Five things to know about Henry Kissinger, a dominant figure in global affairs in the 1970s

Five things to know about Henry Kissinger, a dominant figure in global affairs in the 1970s


Five things to know about Henry Kissinger, a dominant figure in global affairs in the 1970s

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WASHINGTON (AP) — Former Secretary of State Henry Kissinger, who died Wednesday at age 100, exerted far-reaching influence on global affairs under Presidents Richard Nixon and Gerald Ford between 1969 and 1977, earning both vilification and the Nobel Peace Prize. 

Here are five things to know about his life in government and beyond:


For eight restless years — first as national security adviser, later as secretary of state, and for a time as both — Kissinger played a dominant role in foreign policy. He conducted the first “shuttle diplomacy” in the quest for Middle East peace.

He used secret negotiations to restore ties between the United States and China. He initiated the Paris talks that ultimately provided a face-saving means to get the United States out of war in Vietnam. And he pursued detente with the Soviet Union that led to arms-control agreements.


Kissinger’s power grew during the turmoil of the Watergate scandal, when the politically attuned diplomat took on a role akin to co-president to the weakened Nixon. “No doubt my vanity was piqued,” Kissinger later wrote of his expanding influence during Watergate.

“But the dominant emotion was a premonition of catastrophe.” Kissinger told colleagues at the White House that he was the one person who kept Nixon, “that drunken lunatic,” from doing things that would “blow up the world,” according to Walter Isaacson, who wrote the 1992 biography “Kissinger.”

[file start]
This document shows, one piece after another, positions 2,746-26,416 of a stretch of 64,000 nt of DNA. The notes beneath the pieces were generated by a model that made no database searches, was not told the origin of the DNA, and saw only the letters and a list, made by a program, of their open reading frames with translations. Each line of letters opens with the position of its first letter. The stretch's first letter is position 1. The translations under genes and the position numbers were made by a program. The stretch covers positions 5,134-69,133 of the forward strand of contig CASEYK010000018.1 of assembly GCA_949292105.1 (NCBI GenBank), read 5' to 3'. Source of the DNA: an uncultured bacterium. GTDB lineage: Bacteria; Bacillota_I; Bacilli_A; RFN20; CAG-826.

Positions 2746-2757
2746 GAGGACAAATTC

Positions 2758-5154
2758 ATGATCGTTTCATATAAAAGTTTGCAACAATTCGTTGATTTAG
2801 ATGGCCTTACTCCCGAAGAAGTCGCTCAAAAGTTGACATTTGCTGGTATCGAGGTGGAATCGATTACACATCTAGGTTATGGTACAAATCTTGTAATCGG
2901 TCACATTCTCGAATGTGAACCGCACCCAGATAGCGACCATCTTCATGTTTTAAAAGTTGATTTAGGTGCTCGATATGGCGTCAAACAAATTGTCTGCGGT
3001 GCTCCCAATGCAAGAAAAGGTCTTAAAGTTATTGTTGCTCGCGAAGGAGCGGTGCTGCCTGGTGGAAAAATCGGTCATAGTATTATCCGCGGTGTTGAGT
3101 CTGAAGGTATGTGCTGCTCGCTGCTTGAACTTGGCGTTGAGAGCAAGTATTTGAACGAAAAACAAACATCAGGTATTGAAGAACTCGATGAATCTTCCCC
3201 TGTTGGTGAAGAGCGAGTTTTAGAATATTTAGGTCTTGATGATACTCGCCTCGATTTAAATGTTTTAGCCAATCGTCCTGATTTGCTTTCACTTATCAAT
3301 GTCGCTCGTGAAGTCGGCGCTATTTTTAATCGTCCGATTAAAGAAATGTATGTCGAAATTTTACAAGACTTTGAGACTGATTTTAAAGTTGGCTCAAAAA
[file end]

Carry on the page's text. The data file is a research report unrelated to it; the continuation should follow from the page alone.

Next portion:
Pudgy and messy, Kissinger acquired a reputation as a ladies’ man in the staid Nixon administration. Kissinger called women “a diversion, a hobby.” Isaacson wrote that Hollywood executives were eager to set him up with starlets, whom Kissinger squired to premieres and showy restaurants.

His companions included Jill St. John, Shirley MacLaine, Marlo Thomas, Candice Bergen and Liv Ullmann. In a poll of Playboy Club Bunnies in 1972, the man dubbed “Super-K” by Newsweek finished first as “the man I would most like to go out on a date with.” Kissinger’s explanation: “Power is the ultimate aphrodisiac.”


Kissinger for decades battled the notion that he and Nixon had settled in 1972 for peace terms in Vietnam that had been available in 1969 and thus had needlessly prolonged the war at the cost of tens of thousands of American lives. He was castigated for authorizing telephone wiretaps of reporters and his own National Security Council staff to plug news leaks in Nixon’s White House.

He was denounced on college campuses for the bombing and allied invasion of Cambodia in April 1970, intended to destroy North Vietnamese supply lines to communist forces in South Vietnam. That “incursion,” as Nixon and Kissinger called it, was blamed by some for contributing to Cambodia’s fall into the hands of Khmer Rouge insurgents.


Kissinger cultivated the reputation of respected elder statesman, giving speeches, offering advice to Republican and Democratic presidents alike and managing a lucrative global consulting business as he traveled the world.

But records from the Nixon era, released over the years, brought with them revelations that sometimes cast him in a harsh light. Kissinger was dogged by critics at home and abroad who argued that he should be called to account for his policies on Southeast Asia and support of repressive regimes in Latin America. He had to think twice before traveling to certain countries to be sure that he would not be summoned by judges seeking to question him about Nixon-era actions.